American Gods is both bizarre and brilliant, and a fun ride of a read. Our likeable protagonist, Shadow, meets crazy characters and wacky moments ensue on a strange journey across the country.
However, the ideas of the book run much deeper than just a cross country adventure. It is a story of layered themes and ideas. The old versus the new. The old Gods – such as Norse gods, religions and superstitions – which came to America in the heads and hearts of immigrants. Fast forward in time, modern day American society is consumed by media, technology, and fame – the new Gods. Thus unleashes the battle for the soul of America.
Days before his release from prison, Shadow’s wife Laura, dies in a mysterious car crash. Numbly, he makes his way back home. On the plane, he encounters the enigmatic Mr Wednesday, who claims to be a refugee from a distant war, a former god and the king of America.
Together they embark on a profoundly strange journey across the heart of the USA, whilst all around them a storm of preternatural and epic proportions threatens to break.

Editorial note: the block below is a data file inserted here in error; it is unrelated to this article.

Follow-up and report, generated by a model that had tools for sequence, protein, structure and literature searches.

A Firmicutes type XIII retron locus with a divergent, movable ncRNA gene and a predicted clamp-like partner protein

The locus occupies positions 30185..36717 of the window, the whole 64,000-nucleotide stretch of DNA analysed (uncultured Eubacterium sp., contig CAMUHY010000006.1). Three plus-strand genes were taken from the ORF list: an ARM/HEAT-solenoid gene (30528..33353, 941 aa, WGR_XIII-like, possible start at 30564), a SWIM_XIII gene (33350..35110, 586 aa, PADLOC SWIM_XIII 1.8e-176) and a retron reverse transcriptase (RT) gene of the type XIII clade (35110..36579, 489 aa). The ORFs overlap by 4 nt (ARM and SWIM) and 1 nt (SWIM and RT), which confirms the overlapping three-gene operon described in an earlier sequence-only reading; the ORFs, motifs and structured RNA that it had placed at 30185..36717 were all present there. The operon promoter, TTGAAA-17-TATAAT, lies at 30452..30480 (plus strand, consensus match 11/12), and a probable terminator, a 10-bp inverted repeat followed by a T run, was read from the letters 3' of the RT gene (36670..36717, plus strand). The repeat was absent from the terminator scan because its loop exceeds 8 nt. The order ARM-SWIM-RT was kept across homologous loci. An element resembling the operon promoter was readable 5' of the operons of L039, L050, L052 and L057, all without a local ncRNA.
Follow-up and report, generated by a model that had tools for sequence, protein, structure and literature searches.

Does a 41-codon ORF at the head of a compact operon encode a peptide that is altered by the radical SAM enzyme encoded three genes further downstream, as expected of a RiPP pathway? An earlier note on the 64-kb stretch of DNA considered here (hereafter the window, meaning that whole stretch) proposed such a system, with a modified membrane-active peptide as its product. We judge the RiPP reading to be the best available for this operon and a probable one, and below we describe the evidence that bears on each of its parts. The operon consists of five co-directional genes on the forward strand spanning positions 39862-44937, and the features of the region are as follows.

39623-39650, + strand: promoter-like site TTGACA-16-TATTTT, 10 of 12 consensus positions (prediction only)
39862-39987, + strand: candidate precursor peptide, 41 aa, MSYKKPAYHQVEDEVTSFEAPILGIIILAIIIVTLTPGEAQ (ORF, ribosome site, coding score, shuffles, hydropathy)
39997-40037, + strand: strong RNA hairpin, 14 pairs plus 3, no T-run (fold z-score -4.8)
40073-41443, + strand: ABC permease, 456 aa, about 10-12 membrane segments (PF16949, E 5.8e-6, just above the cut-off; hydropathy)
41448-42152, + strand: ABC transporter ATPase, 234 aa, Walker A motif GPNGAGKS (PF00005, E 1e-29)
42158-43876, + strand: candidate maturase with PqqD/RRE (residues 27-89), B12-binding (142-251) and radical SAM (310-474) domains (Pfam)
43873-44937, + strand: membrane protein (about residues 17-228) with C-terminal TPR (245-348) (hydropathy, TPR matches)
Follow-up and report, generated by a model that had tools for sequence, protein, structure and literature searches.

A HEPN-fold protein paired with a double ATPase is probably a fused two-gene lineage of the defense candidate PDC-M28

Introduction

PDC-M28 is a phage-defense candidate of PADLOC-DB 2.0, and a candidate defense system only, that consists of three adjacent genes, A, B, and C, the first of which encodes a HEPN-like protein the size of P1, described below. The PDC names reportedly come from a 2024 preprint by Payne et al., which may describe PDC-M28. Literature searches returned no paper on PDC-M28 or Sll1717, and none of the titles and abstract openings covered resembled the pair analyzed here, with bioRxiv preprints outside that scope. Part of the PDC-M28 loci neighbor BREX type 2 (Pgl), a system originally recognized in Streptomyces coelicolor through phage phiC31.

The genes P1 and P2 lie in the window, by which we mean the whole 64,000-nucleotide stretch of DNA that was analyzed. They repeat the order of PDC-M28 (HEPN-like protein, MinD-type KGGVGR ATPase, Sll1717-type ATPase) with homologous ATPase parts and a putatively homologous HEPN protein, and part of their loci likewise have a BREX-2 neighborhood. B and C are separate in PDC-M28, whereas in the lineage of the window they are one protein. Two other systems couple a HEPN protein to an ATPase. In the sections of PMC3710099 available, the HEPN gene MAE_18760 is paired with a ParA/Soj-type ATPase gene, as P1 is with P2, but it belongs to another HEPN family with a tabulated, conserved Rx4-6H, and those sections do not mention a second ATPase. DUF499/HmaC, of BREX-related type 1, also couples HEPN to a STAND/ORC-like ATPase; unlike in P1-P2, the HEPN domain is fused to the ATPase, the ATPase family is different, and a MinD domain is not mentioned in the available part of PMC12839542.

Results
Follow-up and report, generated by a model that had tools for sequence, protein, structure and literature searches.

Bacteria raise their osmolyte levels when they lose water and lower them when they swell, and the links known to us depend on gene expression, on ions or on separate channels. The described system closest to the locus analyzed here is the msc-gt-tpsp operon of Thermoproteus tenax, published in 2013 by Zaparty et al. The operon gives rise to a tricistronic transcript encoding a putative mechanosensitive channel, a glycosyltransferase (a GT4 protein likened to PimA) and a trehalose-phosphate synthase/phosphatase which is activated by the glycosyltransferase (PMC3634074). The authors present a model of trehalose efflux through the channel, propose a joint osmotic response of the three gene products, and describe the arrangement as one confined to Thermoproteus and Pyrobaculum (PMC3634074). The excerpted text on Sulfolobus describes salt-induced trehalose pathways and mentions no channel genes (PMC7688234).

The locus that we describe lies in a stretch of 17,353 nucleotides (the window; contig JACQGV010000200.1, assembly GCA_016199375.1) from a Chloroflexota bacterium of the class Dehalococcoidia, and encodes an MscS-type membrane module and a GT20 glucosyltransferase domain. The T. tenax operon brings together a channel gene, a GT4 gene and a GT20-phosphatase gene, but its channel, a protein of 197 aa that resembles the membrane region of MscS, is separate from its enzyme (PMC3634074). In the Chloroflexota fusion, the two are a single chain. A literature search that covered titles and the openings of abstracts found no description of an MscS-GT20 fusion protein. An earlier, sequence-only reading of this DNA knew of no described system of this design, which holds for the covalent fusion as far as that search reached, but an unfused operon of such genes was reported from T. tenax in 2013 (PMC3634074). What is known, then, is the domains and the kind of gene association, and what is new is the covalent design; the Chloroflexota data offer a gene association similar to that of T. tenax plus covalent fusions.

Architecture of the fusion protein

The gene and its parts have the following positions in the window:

“Religions are, by definition, metaphors, after all: God is a dream, a hope, a woman, an ironist, a father, a city, a house of many rooms, a watchmaker who left his prize chronometer in the desert, someone who loves you—even, perhaps, against all evidence, a celestial being whose only interest is to make sure your football team, army, business, or marriage thrives, prospers, and triumphs over all opposition. Religions are places to stand and look and act, vantage points from which to view the world. So none of this is happening. Such things could not occur. Never a word of it is literally true.”
American Gods is also now a popular tv series.
I’m a big fan of Mr Gaiman. I’m currently reading Norse Mythology which I would now recommend reading BEFORE American Gods.
Also by Gaiman, I loved The Graveyard Book Graphic Novel: Volume 1, a young adult fantasy which won the Hugo Award in 2009. The Audible full-cast production is very cool and came highly recommended by Tim Ferriss. (And Ferriss recently interviewed Gaiman on his podcast.)
MY RATING: ⭐️⭐️⭐️⭐️
AWARDS: Hugo Award for Best Novel 2002
“I believe that life is a game, that life is a cruel joke, and that life is what happens when you’re alive and that you might as well lie back and enjoy it.”